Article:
07/01/2016 9:17 AM AEDT | Updated 15/07/2016 12:51 PM AEST

Engaging Generation C: Already On A Technology High

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Kids get help from Apple employees to build a video game using code during the Hour of Code workshop at an Apple Inc. store in New York, U.S., on Thursday, Dec. 10, 2015. Hour of Code, a free one-hour introduction to the basics of computer programming, is a special event for kids ages six and up hosted by Apple Inc. in conjunction with Computer Science Education Week. Photographer: Victor J. Blue/Bloomberg via Getty Images

Super savvy under-16 year olds are recognised as the generation that will have the biggest impact on the marketing strategy of businesses in the near future. They might not have much pocket money now -- but in ten years’ time, they will be a spending force to be reckoned with.

Known as being part of Generation C, the under-16s are connected, well-informed and more 'product savvy’ than any other generation. Gen-C has been described as not being purely age-based but a generation that is highly connected -- a generation growing up with electronic devices. So how a business connects with Gen-C has to be focused like never before.

From his experience working with Gen C brands, Qualtrics MD Bill McMurray believes marketers need to get inside the Gen C brain.

“Australian marketers and retailers alike are recognising that Generation C has more power than any other generation to impact businesses’ marketing strategies. So how you connect to Gen C has to be focused like never before,” McMurray said.

teenagers ipad

The under-16 year olds are the ones marketers need to capture due to their dependence on technology. Picture Getty

“They’re used to having information at their fingertips. They’ve learned to communicate using technology rather than face-to-face. That’s why many parents, when there’s a tech problem at home, ask the kids to help because the kids of today know what to do. They’re heavily into mobile devices and seek information very differently from previous generations."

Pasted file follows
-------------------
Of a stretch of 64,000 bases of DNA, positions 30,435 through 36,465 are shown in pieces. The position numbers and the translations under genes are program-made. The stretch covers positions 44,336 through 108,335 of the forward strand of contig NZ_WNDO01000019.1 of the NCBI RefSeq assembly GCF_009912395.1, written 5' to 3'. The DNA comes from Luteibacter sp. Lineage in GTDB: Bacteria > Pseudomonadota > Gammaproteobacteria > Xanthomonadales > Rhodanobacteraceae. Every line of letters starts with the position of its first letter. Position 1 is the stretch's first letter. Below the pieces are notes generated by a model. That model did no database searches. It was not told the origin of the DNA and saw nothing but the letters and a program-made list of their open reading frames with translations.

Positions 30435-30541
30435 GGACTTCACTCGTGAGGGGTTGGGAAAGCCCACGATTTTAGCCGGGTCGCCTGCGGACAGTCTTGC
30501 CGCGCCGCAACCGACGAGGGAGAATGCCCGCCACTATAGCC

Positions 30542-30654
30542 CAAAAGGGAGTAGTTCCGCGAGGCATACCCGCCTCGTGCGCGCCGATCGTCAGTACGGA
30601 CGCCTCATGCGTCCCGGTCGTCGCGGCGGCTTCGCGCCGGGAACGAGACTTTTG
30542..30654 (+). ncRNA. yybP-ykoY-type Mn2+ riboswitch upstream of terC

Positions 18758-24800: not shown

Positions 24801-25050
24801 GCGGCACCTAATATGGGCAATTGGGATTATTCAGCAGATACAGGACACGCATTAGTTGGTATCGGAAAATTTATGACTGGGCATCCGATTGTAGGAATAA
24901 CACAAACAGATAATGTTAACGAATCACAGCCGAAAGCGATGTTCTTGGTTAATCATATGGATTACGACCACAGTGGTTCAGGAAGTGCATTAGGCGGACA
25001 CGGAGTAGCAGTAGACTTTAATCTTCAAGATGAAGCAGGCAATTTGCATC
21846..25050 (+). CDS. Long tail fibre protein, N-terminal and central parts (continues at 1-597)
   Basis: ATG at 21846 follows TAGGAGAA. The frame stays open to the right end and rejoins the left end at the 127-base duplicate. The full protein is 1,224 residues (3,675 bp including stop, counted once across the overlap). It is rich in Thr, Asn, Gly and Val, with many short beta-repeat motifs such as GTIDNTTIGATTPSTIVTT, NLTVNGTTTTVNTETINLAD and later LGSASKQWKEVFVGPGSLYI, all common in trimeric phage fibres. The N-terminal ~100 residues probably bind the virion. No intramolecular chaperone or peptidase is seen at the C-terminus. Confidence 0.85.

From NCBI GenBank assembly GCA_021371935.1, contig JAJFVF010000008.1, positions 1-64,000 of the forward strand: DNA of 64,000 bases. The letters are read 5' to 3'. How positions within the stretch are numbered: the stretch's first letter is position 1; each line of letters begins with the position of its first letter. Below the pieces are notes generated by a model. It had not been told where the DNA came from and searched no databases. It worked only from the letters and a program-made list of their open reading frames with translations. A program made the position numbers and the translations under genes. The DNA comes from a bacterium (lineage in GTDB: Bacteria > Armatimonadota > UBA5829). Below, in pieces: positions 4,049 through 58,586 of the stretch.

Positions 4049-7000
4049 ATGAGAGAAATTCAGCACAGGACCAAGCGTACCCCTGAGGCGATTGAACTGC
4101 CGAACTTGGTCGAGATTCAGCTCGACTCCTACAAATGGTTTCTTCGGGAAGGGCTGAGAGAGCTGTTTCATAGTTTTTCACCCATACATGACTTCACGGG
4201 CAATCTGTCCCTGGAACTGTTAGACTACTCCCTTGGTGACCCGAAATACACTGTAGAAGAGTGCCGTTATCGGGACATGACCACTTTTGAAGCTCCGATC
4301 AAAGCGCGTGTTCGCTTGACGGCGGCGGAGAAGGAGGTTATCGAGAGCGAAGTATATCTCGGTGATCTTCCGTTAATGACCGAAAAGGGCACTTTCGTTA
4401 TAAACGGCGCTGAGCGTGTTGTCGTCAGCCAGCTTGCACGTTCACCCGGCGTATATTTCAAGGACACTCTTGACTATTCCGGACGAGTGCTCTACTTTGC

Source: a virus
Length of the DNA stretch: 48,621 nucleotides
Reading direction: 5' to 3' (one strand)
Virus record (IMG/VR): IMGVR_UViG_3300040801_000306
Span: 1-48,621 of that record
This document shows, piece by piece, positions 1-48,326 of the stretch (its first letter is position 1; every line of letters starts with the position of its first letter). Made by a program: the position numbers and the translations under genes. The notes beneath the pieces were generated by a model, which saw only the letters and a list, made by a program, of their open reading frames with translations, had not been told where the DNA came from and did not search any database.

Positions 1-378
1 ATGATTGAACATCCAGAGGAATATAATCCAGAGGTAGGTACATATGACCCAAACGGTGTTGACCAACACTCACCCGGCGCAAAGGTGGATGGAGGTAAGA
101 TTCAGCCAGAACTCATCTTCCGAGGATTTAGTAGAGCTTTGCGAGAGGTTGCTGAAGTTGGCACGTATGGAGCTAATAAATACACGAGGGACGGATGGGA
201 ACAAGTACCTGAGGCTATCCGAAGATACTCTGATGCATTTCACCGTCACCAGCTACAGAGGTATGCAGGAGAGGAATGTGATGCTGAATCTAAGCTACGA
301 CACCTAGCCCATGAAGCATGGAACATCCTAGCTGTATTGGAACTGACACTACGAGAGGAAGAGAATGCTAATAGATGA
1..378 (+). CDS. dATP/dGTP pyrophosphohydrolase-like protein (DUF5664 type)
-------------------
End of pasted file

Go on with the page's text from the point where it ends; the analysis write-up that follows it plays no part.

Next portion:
“So if you want to engage with them, you have to have very easily navigable websites that are easy to use on mobile devices, not desktop screens.”

McMurray told The Huffington Post Australia that data gathering needs to ask the right questions to get inside Gen C’s mind, as well as knowing when, how and what the most powerful platforms are, to enable them to reach out.

“They have little patience for anything that can’t be easily swiped and clicked. If they can’t touch it, they won’t use it. Data gatherers need to have surveys where people can swipe or click, or on a website they need to be able to navigate it easily. If it’s difficult, their attention span is very low so they will leave.”

“Smart data gathering means getting into their minds and making sure you provide them with short, sharp bursts on a mobile device so the transaction is ‘frictionless.’ These kids need to be able to get onto a website, find what they’re looking for, move to a purchasing decision. If they hit a hurdle, they’ll be gone.”

“So it’s important to find solutions to apply with a website intercept tool. That means when people appear to be having difficulty, or if they’re sitting on a page longer than normal, you need something to intercept, such as a pop up screen, 'Can I help you find what you’re looking for?' Or if they’re on a shopping cart and put contents in and abandon it, they need a pop up to offer them a discount if they put a code in the box within the next five minutes"

Technology has evolved so fast, it’s not easy for marketers to keep up. This means they need to make a bigger effort now than they did five years ago or risk missing a massive marketing opportunity.

"The platform provider needs to be constantly updating and providing new platforms. The best platforms to reach out to young people is mobile, It’s got to be packaged in a way that looks good on a mobile device, on an easy-to-use website," McMurray said.

"My other advice to businesses is that there’s no point gathering feedback on your business if you’re not going to do something about it. You need to get feedback and analyse it with executive dashboards."

"Get feedback from customers and put it through an analysis engine. Then you need a system that gives you an action plan to make sure you’re addressing everything. If you get negative feedback you have to act on it. If somebody has a bad experience with your business, and they let you know, if you don’t fix it, they won’t be a returning customer. You need a close-looped action plan so you can solve the problem and, with any luck, keep your customers.”

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